On Monday’s podcast we discuss the impeachment hearings and what to expect from the 2020 debate airing on MSNBC today. The debate will be held in Atlanta and will debut for the nation the brand new Tyler Perry Studios.
Mayor Pete Pete Buttigieg is surging. Reports are that he is at the top of the polls in Iowa and has now surged ahead 10 points in New Hampshire. Both Iowa and New Hampshire are the first and second primary states.
But the polls still look good for Biden in South Carolina. Once again, African Americans are a factor in the democratic race. If Biden loses support amongst blacks in South Carolina his run for president could be over. Meanwhile, reports are California democrat Kamala Harris’ campaign is in trouble. Some in California believe the senator should close up shop.
So, tonight’s debate will be interesting. In addition to Biden, Pete Buttigieg and Harris is Senator Elizabeth Warren. She is sure to come under attack for so called flip flopping on her commitment to Medicare for all. I would expect Sanders to take a moment to further distance himself from Warren on this account.
Just a note: Fl. Mayor Wayne Messam, one of the 20+ candidates running in the 2020 democratic campaign for president, has suspended his campaign earlier today.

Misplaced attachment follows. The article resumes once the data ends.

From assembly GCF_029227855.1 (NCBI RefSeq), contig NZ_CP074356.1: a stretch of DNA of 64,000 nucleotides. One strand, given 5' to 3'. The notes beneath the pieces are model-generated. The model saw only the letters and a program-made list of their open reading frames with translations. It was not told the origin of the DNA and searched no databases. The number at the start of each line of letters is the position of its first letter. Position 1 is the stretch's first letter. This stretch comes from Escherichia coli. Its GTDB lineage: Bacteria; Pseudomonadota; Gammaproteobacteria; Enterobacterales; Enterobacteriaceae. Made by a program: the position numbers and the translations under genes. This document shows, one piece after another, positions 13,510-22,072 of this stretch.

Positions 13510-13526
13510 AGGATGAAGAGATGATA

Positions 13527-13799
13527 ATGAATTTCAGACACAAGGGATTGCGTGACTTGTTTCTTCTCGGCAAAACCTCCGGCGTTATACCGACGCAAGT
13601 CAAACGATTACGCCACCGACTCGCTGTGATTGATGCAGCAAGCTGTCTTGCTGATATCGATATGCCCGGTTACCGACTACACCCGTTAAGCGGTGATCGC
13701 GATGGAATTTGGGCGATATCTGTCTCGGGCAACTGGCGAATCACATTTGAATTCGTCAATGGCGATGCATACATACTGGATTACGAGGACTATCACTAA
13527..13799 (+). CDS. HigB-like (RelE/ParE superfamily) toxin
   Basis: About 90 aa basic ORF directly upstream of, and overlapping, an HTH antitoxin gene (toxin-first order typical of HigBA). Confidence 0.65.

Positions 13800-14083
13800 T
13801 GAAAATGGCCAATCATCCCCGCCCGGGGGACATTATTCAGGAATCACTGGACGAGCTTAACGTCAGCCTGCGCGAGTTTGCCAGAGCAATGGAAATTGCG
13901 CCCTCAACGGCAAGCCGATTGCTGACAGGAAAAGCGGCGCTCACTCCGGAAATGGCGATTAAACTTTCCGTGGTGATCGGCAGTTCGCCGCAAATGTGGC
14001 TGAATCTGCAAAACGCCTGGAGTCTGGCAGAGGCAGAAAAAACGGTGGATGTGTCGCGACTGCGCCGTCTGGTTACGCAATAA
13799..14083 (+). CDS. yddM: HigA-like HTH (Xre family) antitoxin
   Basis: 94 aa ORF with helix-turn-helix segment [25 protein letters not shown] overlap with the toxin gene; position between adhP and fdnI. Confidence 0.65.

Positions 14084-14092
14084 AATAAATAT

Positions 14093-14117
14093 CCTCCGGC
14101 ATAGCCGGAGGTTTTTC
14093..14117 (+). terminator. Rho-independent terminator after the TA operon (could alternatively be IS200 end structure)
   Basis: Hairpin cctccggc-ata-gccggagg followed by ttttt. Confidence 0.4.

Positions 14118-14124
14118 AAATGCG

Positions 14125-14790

Take a listen to Monday’s show for all of this and our medicare for all discussion:
Mayor Pete is having a moment
Mayor Pete Buttigieg, in a new poll, is leading in New Hampshire. The poll conducted by Saint Amsalem College is the second time the South Bend Indiana mayor has shot to first place.
But the poll could be an outlier. Saint Anselm College is not one of the major polling companies like, say, Monmouth. Monmouth University, which gets an A+ rating from Fivethirtyeight, has the mayor at the top of the polls in Iowa.
This is why Buzzfeed News is calling tonight’s debate the “Buttigieg Debate”. As they put it:
Pete Buttigieg may not be the candidate most likely to win in February or March or November, or the candidate most likely to “win the debate” tonight. But he should at least be the most interesting candidate on stage.
This all seems to come at the expense of Joe Biden:
“The Biden folks in particular have to feel a little vulnerable right now,” Manley said. “Anything is possible. No one has a lock on the race.”
The rise of Buttigieg is also seen by many as a sign that voters looking for a centrist candidate are exploring alternatives to the vice president, who is about to turn 77. But allies to Biden say they’re not concerned about Buttigieg’s rise.
A problem with African Americans
As Denise noted in the podcast, the South Bend mayor is still having issues with African Americans no matter what Iowa and New Hampshire say:
Biden has strong support among African Americans and is counting on their support in South Carolina. A Quinnipiac poll in the state shows Biden with a solid lead in the state at 33 percent. Warren comes in second at 13 percent.